Getting the Most Out of the Reader’s Notebook

Teaching reading using interactive notebooks can increase students’ intrinsic motivation to read.

July 1, 2024
FG Trade / iStock

Like other upper elementary educators, I’m always thinking about ways to help my students succeed as readers. When it comes to reading, we often hear terms like comprehension, summarizing, background knowledge, and vocabulary. But I want students to experience the joys, not just the techniques, of literacy. 

I’ve been fortunate to participate in a reading fellowship at the Cotsen Foundation for the Art of Teaching, where my mentor and I sat down to create a yearlong goal; mine was an inquiry: “This year,” I wrote, “I will create content structured for high-level learning so that students will deepen their thought process about the stories and characters they read as demonstrated in their reader’s notebooks and conversations.”

To the naked eye, a reader’s notebook is an ordinary spiral-bound notebook. However, over the course of a school year in my classroom, the notebook takes on its own identity. It becomes a space for students to reflect on what they are reading, and when students look back over their entries, they witness their growth as readers. 

The notebooks allow me, as a teacher, to take a genuine look at what reading strategies students absorb and what books they’re interested in. Here’s how to make the reader’s notebook meaningful in your classroom.

Avoiding Common Pitfalls 

In their book What Do I Teach Readers Tomorrow?, Gravity Goldberg and Renee Houser share that when they asked students why they thought the reader’s notebook was important, students answered with remarks like “To show the teacher I did my work.” 

At the beginning of the year, I occasionally meet students with a similar mindset. Instead of thinking deeply about reading, a student may be stuck in “all done” mode, meaning they’ve read silently, and that’s all they’re going to do. 

Sometimes reader’s notebooks become places to glue dittos (duplicated worksheets); these may look educational but don’t promote deep connections with texts. The goal of my reader’s notebooks is to create spaces where students can express themselves instead of merely filling out worksheets. 

At times, teachers assign specific days for students to use notebooks, but I prefer to have a more fluid approach. During independent reading times, I place the notebooks next to my students. Some write reflections when they have an emotional reaction. It’s common for me to read, “I was shocked when…” or “I think…” Reading this language helps me see what they connect to. When the students go about it this way, the notebook is woven into the fabric of reading time and fosters more meaningful engagement.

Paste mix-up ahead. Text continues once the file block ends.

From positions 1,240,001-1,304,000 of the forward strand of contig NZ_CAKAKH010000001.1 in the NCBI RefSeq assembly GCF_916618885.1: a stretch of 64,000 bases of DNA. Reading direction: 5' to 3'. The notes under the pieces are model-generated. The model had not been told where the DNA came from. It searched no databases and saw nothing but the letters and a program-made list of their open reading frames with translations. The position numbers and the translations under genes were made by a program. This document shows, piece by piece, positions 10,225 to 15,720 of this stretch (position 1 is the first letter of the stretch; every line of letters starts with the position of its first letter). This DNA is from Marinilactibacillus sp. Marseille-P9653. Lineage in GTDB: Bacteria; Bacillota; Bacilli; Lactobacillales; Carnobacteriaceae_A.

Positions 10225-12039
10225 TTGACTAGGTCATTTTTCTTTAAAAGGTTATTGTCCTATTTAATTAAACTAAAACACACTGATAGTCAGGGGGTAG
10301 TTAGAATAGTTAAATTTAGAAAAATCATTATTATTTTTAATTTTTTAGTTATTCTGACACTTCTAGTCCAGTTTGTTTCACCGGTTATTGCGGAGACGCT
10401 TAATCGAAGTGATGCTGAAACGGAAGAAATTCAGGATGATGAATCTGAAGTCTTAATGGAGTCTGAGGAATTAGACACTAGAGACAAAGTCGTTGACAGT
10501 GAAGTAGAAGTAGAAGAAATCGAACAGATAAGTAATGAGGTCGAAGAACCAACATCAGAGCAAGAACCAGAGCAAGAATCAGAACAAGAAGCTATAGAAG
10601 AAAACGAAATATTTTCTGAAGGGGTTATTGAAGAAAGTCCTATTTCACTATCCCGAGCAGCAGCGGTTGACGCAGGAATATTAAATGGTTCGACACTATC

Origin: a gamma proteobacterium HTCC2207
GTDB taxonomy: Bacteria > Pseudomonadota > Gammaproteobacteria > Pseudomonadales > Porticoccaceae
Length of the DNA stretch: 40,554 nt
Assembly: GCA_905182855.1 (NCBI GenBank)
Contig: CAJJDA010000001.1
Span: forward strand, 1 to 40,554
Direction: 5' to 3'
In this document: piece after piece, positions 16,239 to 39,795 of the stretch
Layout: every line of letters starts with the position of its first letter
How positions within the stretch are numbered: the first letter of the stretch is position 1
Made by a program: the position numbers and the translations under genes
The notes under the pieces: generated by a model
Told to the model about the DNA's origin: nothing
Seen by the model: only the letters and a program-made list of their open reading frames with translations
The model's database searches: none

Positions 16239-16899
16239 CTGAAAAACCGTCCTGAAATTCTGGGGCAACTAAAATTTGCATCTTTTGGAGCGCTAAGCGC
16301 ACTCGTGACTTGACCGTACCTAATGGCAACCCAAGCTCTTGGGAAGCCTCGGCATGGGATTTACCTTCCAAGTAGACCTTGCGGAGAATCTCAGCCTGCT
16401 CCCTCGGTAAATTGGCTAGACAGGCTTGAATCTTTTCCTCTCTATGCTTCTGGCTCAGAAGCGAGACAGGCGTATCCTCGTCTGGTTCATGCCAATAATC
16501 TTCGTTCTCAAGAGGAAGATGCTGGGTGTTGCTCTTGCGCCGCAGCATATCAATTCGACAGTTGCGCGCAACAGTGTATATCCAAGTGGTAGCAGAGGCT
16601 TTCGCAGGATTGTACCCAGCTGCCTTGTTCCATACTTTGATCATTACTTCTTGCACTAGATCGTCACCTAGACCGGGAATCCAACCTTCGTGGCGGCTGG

Launching The Notebook

To implement the reader’s notebook, decide in advance when you’ll want students to use it. For example, it’s important to me that my students write about books they’re going to discuss with partners, so I have the students get them out from their bins in advance of that work. 

Similar to a writer’s notebook, the reader’s notebook has to become a special space. To make each notebook warm and inviting, encourage your students to decorate their covers (my class had a sticker session). 

Then, to give students more experience with the notebook, model specific reading and note-taking strategies during interactive read-alouds or groups. For example, at the end of an interactive read-aloud, I may say, “Stop and jot. What’s the author’s message?” Because students have practiced using the strategy during an interactive read-aloud, they can use it independently in their notebooks. Another strategy that I like to teach involves asking students what advice they may have for the main character of a story. This always helps my students think deeply about the character.

It’s important to remember that writing looks different for everyone. We should celebrate students’ thoughts about the stories they read. I frequently say to my students, “Which entry are you proud of this week?” They choose, and I hang the passage on the wall of my classroom. While drafting, revising, editing, and publishing work hold a value in the writing process, the reader’s notebook isn’t a book report; it allows us to celebrate the journey instead of the end result.

Scaffolding and Assessment

Many teachers are familiar with the use of sentence starters—using phrases as prompts for reflection. My opinion on them is mixed. I want meaningful reflection that comes from the hearts and minds of young readers. If a student feels successful reflecting with a meaningful sentence starter like “I predict…” or “I wonder…,” then I view the sentence starter as scaffolding. However, I want my students to make intrinsically motivated choices about which strategies they use, so I don’t assign particular sentence starters, instead allowing students to pick which ones resonate; as my students grow as readers, their thought processes around these scaffolds develop as well. 

While a running record of student reflections may show me how the student answered questions about a passage of text, the reader’s notebook also shows me what specific reading strategies they can independently use. This type of documentation allows me to use the notebooks as a form of meaningful assessment.

Reader’s notebooks help me reflect on ways I can adjust my instruction. And they help me build more choice into reading curricula, since I get a sense of what resonates with my students. Reading is about planting seeds of knowledge. Reflecting in reader’s notebooks is an opportunity to watch those seeds grow. 

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  • Literacy
  • Curriculum Planning
  • 3-5 Upper Elementary

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